Genocide of the Germans in Russia By Jewish Order

…We must know that the Genozide in Russia was driven by the Jews in order to be aware of what is done to us today. Our Jewish U.S. government is trying to silence Christianity and Free Speech, take our guns away and many other rights… We are heading there, beware! During each of these decades, 1915 to 1949, the Soviet authorities [*under the Jews] murdered about one-fourth to one-third of the entire ethnic-German population in Russia. [*In those days, families frequently had 6-10 children.] The Letters from Hell publication includes a discussion about the period, including what was known outside of the Soviet Union about the genocide…

[*comments by germanvictims.com]

THE GENOCIDE OF MILLIONS OF GERMAN RUSSIANS OVER SEVERAL DECADES IN THE UKRAINE AND RUSSIA HAS BEEN DONE BY THE JEWS WHO HAVE USURPED RUSSIA AND MURDERED BETWEEN 66 MILLION AND 100 MILLION RUSSIANS, WHITE PEOPLE AND RUSSIA’S FINEST. IT WAS NOT A RUSSIAN REVOLUTION BUT A JEWISH REVOLUTION, A USURPTION OF RUSSIA WITH THE HELP OF AMERICAN WALL STREET JEWS. THE GERMAN RUSSIANS BUILT THE RUSSIAN BREAD BASKET WITH THEIR INVENTED FARMING TOOLS AND INGENUITY, AND THE JEW RULERS STARVED THEM TO DEATH, DEPORTED THEM TO SIBERIA ALREADY IN THE DECADES BEFORE STALIN, WHERE THEY STARVED TO DEATH ON OPEN LAND BY THE HUNDREDS OF THOUSANDS. THEN AFTER THAT THE JEWS PUT THEM THROUGH 2 FAMINES IN THE UKRAINE, IN THE 1920TH AND 1930TH. MILLIONS OF RUSSIANS, UKRAINIANS, AND GERMAN-UKRAINIANS DIED. AFTER THAT THEY EXECUTED HUNDREDS OF THOUSANDS OF THEM FOR INVENTED REASONS, OR FOR HIDING A LOAF OF BREAD FOR THEIR STARVING CHILDREN. MILLIONS MORE WENT INTO THE GULAG DEATH CAMPS WHERE THEY WERE WORKED TO DEATH UNDER THE MOST HORRID CONDITIONS.

SOVIET GULAGS

AND ALL THIS IS THE WORK OF THE “VICTIM” THE JEW. BECAUSE THEY HAVE DONE SUCH EVIL THINGS, THE JEW MEDIA WANTS TO SHUT PEOPLE DOWN SO NO TRUTH ABOUT THEM COMES UP. BECAUSE ONCE THE HOLOCAUST IS UNDERSTOOD AS A FRAUD, ALL THE FRAUDS WILL COME UP ABOUT THE JEWS.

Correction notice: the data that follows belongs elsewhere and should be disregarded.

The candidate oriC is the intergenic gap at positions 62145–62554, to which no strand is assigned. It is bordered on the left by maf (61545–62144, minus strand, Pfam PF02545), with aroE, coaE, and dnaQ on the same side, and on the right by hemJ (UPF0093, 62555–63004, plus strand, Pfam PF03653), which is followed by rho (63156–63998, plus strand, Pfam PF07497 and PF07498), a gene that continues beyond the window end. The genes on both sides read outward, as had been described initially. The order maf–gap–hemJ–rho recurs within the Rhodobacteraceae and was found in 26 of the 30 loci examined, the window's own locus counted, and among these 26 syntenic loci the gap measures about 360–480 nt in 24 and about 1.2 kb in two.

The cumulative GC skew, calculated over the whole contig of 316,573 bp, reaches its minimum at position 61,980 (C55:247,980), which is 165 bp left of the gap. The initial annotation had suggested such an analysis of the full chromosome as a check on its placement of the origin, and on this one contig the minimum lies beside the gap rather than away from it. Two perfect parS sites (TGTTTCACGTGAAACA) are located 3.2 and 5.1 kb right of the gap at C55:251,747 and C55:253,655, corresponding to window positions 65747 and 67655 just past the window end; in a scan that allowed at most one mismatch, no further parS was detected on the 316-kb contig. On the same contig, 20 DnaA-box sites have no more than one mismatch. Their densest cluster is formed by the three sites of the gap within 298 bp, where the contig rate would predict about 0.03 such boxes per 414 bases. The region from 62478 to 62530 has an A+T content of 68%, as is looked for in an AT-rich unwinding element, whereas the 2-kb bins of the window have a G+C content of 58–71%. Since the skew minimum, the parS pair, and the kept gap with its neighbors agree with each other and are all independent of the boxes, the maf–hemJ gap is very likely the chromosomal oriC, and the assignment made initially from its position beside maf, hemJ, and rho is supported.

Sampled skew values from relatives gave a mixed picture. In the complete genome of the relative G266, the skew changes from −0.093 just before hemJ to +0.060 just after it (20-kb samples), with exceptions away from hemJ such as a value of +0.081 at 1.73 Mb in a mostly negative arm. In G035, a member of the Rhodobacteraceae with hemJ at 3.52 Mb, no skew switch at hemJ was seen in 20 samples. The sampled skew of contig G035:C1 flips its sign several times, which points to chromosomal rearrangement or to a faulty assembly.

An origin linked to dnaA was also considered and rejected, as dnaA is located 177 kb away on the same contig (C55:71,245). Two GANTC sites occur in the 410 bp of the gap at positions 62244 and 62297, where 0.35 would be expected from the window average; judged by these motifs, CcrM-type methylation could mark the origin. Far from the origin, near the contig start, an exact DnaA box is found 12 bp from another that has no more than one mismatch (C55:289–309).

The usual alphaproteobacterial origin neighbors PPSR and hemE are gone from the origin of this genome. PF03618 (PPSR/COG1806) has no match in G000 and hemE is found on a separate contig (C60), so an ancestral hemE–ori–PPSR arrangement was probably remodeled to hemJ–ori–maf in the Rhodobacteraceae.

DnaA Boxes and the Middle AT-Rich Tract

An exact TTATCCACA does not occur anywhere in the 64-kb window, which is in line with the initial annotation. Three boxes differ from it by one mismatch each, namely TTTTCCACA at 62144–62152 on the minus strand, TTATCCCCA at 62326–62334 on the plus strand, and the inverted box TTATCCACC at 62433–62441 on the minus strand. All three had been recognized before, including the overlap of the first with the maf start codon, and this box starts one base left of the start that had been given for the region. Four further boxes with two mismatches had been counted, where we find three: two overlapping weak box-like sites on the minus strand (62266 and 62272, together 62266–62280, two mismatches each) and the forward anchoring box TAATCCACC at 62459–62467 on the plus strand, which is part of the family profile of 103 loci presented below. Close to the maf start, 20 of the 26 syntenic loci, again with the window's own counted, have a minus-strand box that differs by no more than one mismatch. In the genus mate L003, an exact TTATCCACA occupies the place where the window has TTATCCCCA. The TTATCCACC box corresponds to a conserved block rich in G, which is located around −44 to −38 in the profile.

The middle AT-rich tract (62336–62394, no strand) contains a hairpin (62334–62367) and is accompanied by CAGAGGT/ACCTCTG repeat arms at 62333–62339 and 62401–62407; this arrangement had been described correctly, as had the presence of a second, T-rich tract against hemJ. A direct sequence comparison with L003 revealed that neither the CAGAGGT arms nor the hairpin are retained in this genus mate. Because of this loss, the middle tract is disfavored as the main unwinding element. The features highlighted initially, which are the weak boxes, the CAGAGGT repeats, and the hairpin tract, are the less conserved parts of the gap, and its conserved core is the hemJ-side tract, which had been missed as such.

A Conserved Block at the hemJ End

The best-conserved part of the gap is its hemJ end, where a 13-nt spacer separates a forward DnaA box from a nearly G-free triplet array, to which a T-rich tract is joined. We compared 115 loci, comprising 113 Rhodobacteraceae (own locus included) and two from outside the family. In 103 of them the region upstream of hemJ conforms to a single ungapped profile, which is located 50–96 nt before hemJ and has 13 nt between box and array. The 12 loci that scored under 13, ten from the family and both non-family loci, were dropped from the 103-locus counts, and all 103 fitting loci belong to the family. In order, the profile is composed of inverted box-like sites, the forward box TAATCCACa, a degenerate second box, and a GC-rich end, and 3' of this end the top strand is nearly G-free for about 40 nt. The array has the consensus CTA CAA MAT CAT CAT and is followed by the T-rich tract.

Slave Labor in Soviet Russia – Hermann Greife-pdf

GREAT MOURNING ON THE BLACK SEA

SCHWARZMEERDEUTSCHE

Sbornik Wolgadeutsche – Russisch – Deutsch – Zweiter Teil des Buches Deutsch

The_Rulers_of_Russia_Caughlin_1940_97pg

Russia and the Jews_Solzhenytsen (Walendy).pdf

Extermination of the Valuable National Elements of Russia Through Jewry.

In November 1917, Jewish Marxism completely absorb­ ed the ruling power of Russia.

Its next step was to expand this power through the exploitation of the masses. As an ideal state, it visioned a slavishly devoted and a spiritually and morally degenerated, population.

Soon, however, the new rulers discovered that this goal could not be attained unless all those racially valuable  ele­ ments which would never be content with a  life  of  slavery, were exterminated.

With the aid of a terroristic organization, established specially for this purpose—the Tscheka (Tsche-Ka, meaning extraordinary commission)  and  later  the  G.  P.  U.,  they started out on the bloody task.

It was comparatively easy to dispose of the leading and most valuable racial elements: the intelligentsia and nobility.

A certain number of the  intelligentsia  had  fallen  during the  world  war,  and  an  even  greater  number  fell  during  the civil war which led up to the inauguration of  Jewish  con­ trol. The rest either fled the country or were cruelly  mas­ sacred by the Tscheka.

Only a very small number were allowed to  contribute their  knowledge  and  experience  in  service  for  the  new state.

But  the  most  difficult  problem  was  the  handling  of the  peasants.  Lenin,  himself,  had  long  ago  recognized  that the  greatest  obstacle  in  establishing  a  Communistic  slave- state  would  be  the  strong  and  healthy  peasant,  consequently the  government  had  but  one  alternative:  the  complete  destruction of the healthy peasantry. [gv*the Russian bread basket was developed and maintained by the German immigrants.] Excerpt from “Slave Labor in Soviet Russia”-Herman Greife

Slave Labor in Soviet Russia – Hermann Greife.pdf

 

ALL THE VIDEOS BELOW HAVE BEEN DELETED, APPARENTLY BY YOUTUBE, BECAUSE THE TRUTH MUST NOT COME OUT.

The Soviet Holocaust Story

THE ENEMY OF TRUTH HAS REMOVED THE VIDEOS WITNESSING THE CRIMES!

 

 

 

 

 

 

Famine LettersVolga German famine victims in Marxstadt (1921) (Volga)

 

[*Comments by germanvictims.com]